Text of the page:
Performance in games is hard to measure if they don't have benchmark, so take the following numbers with a grain of salt. First game I tested was Star Wars Battlefront (2015), I played the same single-player map on the same (Ultra) settings on both setups and the FPS was same - jumping between 40 - 60. I didn't see any difference in the gameplay. Next game I tried on both setups was DayZ. That was very poor choice, because FPS in this game is very unstable. I was getting 45 - 100 FPS on both setups but I would say VM had around 5 FPS less on average. I also tried Beam.NG Drive which also had around 5 FPS less and Smite in which the performance was identical on both setups. I forgot to write down the actual FPS for the last two games... Please excuse the lack of data, after the initial tests I was so excited that I immediately deleted my Windows partition.In the next test I checked the difference between different CPU setups:
- 1 socket, 3 cores pinned - this should be better if you plan one using host and VM system at the same time since the host has 1 core available that the VM won't touch, but host can use all 4 cores if needed
- 1 socket, 4 cores not pinned - in this case the whole CPU is available to VM and all cores are shared between VM and host
As you can see the performance is quite similar. My assumption was mostly correct, but depends on the application - when using both systems at the same time you will have better performance with 3 pinned cores. After longer testing I found that I rarely use both systems at the same time so I switched to the second setup which gives better performance to VM when host is not used for anything.Scripts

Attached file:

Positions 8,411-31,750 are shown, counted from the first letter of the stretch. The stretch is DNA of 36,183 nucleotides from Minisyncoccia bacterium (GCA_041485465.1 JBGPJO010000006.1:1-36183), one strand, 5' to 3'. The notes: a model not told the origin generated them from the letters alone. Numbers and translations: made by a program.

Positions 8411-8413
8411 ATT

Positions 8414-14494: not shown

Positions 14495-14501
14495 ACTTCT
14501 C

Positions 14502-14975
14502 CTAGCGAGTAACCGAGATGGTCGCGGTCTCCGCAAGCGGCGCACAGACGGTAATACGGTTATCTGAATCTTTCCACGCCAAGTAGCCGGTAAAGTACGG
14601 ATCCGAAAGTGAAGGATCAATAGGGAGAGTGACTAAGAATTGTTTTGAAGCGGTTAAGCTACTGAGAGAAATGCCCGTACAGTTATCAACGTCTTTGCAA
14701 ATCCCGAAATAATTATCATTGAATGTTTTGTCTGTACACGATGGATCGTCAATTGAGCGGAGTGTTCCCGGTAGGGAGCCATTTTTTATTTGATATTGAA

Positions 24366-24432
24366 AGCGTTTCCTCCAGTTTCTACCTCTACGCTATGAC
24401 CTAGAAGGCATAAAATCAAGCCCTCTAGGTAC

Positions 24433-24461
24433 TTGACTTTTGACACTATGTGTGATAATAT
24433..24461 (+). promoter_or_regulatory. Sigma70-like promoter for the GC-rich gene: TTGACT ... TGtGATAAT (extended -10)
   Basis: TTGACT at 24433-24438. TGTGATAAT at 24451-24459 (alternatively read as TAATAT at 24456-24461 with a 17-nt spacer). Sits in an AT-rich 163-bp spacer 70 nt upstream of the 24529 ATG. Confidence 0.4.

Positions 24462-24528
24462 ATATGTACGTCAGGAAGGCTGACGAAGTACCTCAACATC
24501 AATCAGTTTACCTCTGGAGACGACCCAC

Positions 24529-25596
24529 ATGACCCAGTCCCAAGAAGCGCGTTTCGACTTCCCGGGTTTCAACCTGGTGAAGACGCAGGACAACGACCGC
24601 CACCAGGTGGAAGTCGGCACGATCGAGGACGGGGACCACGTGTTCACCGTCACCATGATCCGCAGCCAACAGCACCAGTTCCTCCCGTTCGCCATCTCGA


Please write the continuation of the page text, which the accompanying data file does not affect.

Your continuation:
Starting VM - I run this script from launcher with beesu
## windows.sh #!/bin/bash # Bluescreen workaround echo 1 > /sys/module/kvm/parameters/ignore_msrs # Change output to second screen - optional xrandr --output HDMI2 --auto xrandr --output HDMI1 --off # Start VM virsh start win10 # Wait for VM to stop while [ "`virsh domstate win10`" != 'shut off' ]; do sleep 5 done # Change output back - optional xrandr --output HDMI2 --off xrandr --output HDMI1 --auto
Switching input - I run those scripts using CTRL+F9 and F10 shortcuts, as described above. For this to work you have to add this sudo rule for your user: ALL=(root) NOPASSWD: /usr/bin/virsh
#!/bin/bash # I don't want to mess with the configuration if VM is not running if [ "`sudo virsh domstate win10`" != 'shut off' ]; then sudo virsh attach-device win10 /home/zbeny/Apps/windows/devices/hostdev-keyboard.xml sudo virsh attach-device win10 /home/zbeny/Apps/windows/devices/hostdev-mouse.xml fi
## detach-usb.sh #!/bin/bash # I don't want to mess with the configuration if VM is not running if [ "`sudo virsh domstate win10`" != 'shut off' ]; then sudo virsh detach-device win10 /home/zbeny/Apps/windows/devices/hostdev-keyboard.xml sudo virsh detach-device win10 /home/zbeny/Apps/windows/devices/hostdev-mouse.xml fi
<hostdev mode='subsystem' type='usb'> <source> <vendor id='0x195d'/> <product id='0x2030'/> </source> </hostdev>
You will find more information about usb "hotplugging" here: http://rolandtapken.de/blog/2011-04/how-auto-hotplug-usb-devices-libvirt-vms-update-1Links
- Basic info about virtualization on Fedora
- Tutorial on GPU passthrough for Fedora 22, works on Fedora 25
- Another tutorial, I didn't follow this one exactly but it contains lot of useful information
- Optimizing virtualization performance
- Tutorial on configuring VM storage
- Information about problems with unsupported msrs